Going Sprinkler-Free

For homeowners who travel a lot, especially during the summer months, a properly programmed sprinkler system can be worth it. However, if you really want to save on water consider shifting to a sprinkler-free landscape.

As the name suggests, a sprinkler-free landscape is an area of land that does not rely on a traditional sprinkler system. Instead, the landscape thrives with rainfall alone, or with supplemental watering on an as-needed basis.

A sprinkler-free landscape can combine alternatives to automatic sprinklers systems with the intentional cultivation of drought-resistant plant varieties to maximize savings and foster biodiversity in your yard. We’re going to focus on the irrigation part. (Check out this article for more info on choosing drought-tolerant plants for your Florida landscape.)

Water Savings

Sprinkler-free homes use 50-60% less water than homes that use automatic sprinkler systems. That’s a savings of 140-160 gallons a day, or 2.5 bathtubs full of water.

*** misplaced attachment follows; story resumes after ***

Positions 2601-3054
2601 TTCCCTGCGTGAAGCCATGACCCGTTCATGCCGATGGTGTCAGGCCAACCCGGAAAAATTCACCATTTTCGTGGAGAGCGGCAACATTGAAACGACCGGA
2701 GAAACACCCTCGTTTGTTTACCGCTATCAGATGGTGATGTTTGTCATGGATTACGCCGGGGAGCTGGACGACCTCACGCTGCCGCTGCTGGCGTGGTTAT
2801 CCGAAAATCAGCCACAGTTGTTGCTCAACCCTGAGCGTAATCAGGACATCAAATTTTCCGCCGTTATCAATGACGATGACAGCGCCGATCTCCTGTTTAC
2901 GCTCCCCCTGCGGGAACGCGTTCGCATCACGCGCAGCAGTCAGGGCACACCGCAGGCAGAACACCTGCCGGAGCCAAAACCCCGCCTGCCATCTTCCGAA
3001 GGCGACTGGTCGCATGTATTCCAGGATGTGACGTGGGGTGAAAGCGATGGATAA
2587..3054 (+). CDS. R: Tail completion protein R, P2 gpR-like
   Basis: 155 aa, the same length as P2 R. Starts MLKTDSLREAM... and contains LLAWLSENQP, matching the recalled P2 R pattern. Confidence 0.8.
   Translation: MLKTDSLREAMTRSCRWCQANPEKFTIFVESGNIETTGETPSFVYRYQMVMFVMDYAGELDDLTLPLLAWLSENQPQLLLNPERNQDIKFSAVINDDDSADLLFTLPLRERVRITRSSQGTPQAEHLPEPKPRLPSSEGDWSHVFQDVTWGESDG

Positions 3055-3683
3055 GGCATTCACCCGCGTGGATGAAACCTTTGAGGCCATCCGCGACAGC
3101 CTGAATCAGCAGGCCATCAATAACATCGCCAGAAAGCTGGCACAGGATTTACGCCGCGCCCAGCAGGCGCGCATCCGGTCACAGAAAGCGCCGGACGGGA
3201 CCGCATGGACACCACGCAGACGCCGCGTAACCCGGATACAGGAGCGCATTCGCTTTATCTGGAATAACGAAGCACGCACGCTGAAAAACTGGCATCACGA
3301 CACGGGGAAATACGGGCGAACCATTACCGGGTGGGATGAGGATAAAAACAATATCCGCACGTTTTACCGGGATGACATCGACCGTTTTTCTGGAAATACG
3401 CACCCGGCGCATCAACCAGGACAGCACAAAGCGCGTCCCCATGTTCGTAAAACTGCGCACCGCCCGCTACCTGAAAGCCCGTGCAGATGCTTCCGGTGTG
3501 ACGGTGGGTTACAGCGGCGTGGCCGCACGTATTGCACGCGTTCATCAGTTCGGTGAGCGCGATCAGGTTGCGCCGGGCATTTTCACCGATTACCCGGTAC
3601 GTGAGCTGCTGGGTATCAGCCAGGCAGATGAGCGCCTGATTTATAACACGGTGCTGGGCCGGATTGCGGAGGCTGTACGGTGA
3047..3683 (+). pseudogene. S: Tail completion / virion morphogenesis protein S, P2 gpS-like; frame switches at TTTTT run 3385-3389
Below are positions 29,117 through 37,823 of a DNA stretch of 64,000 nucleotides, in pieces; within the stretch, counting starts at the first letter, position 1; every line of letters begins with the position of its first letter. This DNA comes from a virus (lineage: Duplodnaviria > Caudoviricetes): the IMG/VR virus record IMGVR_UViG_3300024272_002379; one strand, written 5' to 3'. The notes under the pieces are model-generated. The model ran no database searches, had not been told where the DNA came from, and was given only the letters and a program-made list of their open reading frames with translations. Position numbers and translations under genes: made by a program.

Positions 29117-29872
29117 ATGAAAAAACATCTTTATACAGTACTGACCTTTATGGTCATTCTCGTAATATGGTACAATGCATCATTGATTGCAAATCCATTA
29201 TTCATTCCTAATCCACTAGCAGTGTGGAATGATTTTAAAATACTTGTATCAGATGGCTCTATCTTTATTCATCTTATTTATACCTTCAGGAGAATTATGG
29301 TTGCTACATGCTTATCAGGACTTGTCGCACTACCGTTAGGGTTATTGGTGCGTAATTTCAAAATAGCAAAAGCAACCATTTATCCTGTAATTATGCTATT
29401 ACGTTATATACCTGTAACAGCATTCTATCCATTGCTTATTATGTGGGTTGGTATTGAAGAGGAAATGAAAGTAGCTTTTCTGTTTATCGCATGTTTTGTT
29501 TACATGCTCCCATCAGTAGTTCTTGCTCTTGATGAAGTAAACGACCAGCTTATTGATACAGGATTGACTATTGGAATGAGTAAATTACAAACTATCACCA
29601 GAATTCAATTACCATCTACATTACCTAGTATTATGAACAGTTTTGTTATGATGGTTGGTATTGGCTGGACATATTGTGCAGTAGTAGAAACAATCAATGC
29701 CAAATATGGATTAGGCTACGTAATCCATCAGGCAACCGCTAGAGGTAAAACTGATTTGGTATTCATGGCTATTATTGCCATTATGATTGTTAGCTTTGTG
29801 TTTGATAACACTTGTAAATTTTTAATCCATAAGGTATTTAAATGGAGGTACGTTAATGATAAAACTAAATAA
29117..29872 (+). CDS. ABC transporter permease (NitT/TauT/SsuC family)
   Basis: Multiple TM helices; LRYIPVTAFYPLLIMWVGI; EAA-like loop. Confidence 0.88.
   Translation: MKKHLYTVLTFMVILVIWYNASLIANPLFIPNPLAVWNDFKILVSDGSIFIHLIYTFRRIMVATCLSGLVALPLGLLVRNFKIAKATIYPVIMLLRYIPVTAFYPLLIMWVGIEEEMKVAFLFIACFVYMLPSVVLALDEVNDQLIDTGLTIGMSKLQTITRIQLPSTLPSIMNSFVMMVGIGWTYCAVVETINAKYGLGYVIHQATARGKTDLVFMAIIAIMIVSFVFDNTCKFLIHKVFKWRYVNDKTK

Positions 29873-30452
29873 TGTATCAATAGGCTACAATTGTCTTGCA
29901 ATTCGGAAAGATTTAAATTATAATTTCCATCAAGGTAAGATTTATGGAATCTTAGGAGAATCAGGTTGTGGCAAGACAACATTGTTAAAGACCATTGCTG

As full-service Florida property managers, KnR is always looking for ways to save our owner clients money. One way we do that is by scaling up the water savings of going sprinkler-free. Scaling up our example to a 250-lot subdivision, the potential water savings add up to 37,500 gallons of water a day. Remember, that’s water that stays in the aquifers, where it feeds our springs and the beloved underwater ecosystems they support.

Financial Savings

According to a UF/IFAS study, developers who opted for sprinkler-free landscapes saw savings of $4,000 per lot. For a 250-lot subdivision, the financial savings from going sprinkler-free would equal $1 million.

According to the same study, sprinkler-free homes retained their property values and provided enjoyable outdoor spaces for homeowners. These property owners spent two-thirds less each year on landscape maintenance costs, used less synthetic fertilizers and chemicals (which make their way into the aquifers), and had to mow less. (If you’ve ever mowed a Florida lawn in the full heat of summer, you know just how taxing that can be.)

Sprinkler-Free Landscapes in Florida, by the numbers

Why Is Water Conservation So Important?

According to Florida 2070, the population in Florida is expected to grow by 15 million people by the year 2070. This increases the importance of water conservation and efficient irrigation practices, because more homes means more of the water supply going towards irrigating yards and gardens.